When it comes to employment law, the exact company title and practical position of the players in any given case make a difference in the case's ultimate outcome. For example, some laws protecting workers from sexual harassment and discrimination of all kinds only apply when a direct supervisor is committing the offending acts. The United States Supreme Court recently heard arguments in a case centering on the question "Who is a supervisor" for the purposes of employment law cases.
The Court has previously tried to clarify its position on this matter, but lower courts continue to disagree on what the Court's previous rulings ultimately mean. In an effort to settle these inconsistent interpretations, the Court is considering the case of a kitchen worker who allegedly suffered serious forms of racial discrimination at the hands of individuals she considered to be her supervisors.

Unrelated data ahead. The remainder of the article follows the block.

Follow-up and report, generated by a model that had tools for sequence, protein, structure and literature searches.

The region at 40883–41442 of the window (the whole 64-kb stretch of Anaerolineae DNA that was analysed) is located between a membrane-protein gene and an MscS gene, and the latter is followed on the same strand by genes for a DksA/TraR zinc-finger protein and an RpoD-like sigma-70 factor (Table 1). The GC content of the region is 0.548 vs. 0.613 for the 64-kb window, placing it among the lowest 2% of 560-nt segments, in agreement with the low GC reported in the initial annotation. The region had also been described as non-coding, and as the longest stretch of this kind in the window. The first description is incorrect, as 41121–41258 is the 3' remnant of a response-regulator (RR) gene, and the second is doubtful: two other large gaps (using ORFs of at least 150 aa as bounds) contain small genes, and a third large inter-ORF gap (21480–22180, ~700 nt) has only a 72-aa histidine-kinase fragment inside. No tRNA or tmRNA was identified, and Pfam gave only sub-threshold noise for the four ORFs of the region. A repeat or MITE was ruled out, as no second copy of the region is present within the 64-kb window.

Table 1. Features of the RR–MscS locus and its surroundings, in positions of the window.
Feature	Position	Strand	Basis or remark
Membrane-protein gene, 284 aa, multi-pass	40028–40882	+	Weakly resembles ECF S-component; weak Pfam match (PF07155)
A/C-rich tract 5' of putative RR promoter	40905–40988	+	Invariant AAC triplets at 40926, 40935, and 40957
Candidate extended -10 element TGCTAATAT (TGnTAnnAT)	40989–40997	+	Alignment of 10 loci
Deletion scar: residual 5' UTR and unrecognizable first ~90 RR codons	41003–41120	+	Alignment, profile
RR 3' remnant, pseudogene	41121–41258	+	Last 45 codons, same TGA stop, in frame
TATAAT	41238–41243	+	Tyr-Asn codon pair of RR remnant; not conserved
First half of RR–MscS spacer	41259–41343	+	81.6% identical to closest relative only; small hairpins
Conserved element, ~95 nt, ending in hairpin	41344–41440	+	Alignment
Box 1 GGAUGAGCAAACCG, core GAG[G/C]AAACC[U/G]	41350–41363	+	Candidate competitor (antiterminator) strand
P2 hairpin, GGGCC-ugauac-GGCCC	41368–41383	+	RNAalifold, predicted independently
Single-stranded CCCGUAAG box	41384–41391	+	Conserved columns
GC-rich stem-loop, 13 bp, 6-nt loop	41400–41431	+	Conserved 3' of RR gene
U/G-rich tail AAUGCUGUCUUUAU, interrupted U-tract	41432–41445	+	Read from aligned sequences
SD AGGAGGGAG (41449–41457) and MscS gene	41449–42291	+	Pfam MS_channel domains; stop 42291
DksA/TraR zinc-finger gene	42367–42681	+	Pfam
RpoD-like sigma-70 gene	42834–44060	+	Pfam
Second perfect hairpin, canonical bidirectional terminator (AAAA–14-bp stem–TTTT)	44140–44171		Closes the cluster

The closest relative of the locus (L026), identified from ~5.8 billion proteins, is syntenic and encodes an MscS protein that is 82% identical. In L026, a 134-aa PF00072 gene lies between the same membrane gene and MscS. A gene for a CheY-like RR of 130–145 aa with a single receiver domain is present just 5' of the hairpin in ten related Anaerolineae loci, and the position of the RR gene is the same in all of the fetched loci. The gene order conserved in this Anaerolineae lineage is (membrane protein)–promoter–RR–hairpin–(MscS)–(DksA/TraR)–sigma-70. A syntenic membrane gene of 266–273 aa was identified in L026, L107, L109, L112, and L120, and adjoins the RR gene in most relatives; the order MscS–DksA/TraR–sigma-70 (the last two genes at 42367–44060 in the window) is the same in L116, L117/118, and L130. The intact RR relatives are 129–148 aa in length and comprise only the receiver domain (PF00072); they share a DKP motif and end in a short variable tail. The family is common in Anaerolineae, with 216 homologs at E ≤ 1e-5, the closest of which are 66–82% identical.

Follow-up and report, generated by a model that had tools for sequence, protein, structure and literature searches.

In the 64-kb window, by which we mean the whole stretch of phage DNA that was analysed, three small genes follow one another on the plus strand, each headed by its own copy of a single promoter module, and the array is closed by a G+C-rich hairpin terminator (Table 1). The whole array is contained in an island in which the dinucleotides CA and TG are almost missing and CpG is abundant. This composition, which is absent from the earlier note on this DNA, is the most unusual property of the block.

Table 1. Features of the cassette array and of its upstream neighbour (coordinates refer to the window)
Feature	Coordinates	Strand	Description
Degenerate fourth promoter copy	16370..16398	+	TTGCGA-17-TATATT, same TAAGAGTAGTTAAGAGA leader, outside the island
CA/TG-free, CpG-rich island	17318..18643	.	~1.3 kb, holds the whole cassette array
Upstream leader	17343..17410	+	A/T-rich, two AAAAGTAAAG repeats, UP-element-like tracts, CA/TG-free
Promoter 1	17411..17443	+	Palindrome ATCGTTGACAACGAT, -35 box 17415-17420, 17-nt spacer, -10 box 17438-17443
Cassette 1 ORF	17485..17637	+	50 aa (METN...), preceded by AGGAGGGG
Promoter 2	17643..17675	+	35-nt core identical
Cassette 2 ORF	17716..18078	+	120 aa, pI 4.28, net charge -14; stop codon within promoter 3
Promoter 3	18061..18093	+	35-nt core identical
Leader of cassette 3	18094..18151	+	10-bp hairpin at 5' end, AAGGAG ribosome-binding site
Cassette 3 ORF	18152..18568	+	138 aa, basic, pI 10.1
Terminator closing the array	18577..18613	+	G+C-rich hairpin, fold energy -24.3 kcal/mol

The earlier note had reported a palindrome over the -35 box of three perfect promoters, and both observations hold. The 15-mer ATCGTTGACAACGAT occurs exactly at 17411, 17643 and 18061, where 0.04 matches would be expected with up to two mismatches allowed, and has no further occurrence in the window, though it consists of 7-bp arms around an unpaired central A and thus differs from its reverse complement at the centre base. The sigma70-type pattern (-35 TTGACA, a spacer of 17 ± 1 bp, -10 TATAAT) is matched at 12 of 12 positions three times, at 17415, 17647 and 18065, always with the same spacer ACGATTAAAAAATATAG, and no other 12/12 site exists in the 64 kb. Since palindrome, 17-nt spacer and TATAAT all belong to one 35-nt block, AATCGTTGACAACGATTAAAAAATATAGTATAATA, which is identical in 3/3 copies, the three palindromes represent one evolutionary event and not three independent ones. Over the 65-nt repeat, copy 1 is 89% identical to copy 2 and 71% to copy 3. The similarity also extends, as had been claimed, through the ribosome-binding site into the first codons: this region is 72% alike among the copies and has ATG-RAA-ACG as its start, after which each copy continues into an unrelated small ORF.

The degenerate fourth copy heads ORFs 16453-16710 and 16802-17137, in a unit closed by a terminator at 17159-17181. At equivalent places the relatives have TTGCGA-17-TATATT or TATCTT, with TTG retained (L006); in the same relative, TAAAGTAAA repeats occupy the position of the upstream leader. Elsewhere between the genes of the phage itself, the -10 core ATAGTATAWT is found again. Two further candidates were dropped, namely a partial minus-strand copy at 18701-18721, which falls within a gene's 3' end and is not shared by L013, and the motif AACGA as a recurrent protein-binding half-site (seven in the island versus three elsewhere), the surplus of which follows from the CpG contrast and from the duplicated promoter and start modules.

The U.S. Court of Appeals for the Seventh Circuit ruled that the employee could not sue for racial discrimination, essentially because her "supervisor" only directed her day-to-day tasks but did not have explicit authority to conduct a job action such as hiring her or firing her. As such, this person did not explicitly meet the criteria laid out in Title VII of the 1964 Civil Rights Act for a supervisor, according to the court.
This particular interpretation is troubling, as it gives companies the ability to discriminate against employees through the bottom rungs of the managerial chains, as long as someone higher ranking does the hiring and firing. The practical implications of the Supreme Court upholding the Seventh Circuit's interpretation could be potentially devastating to employees. As a result, this case will undoubtedly be closely watched.
Source: SCOTUSblog.com, "Argument preview: Who is a supervisor?" Lyle Denniston, Nov. 21, 2012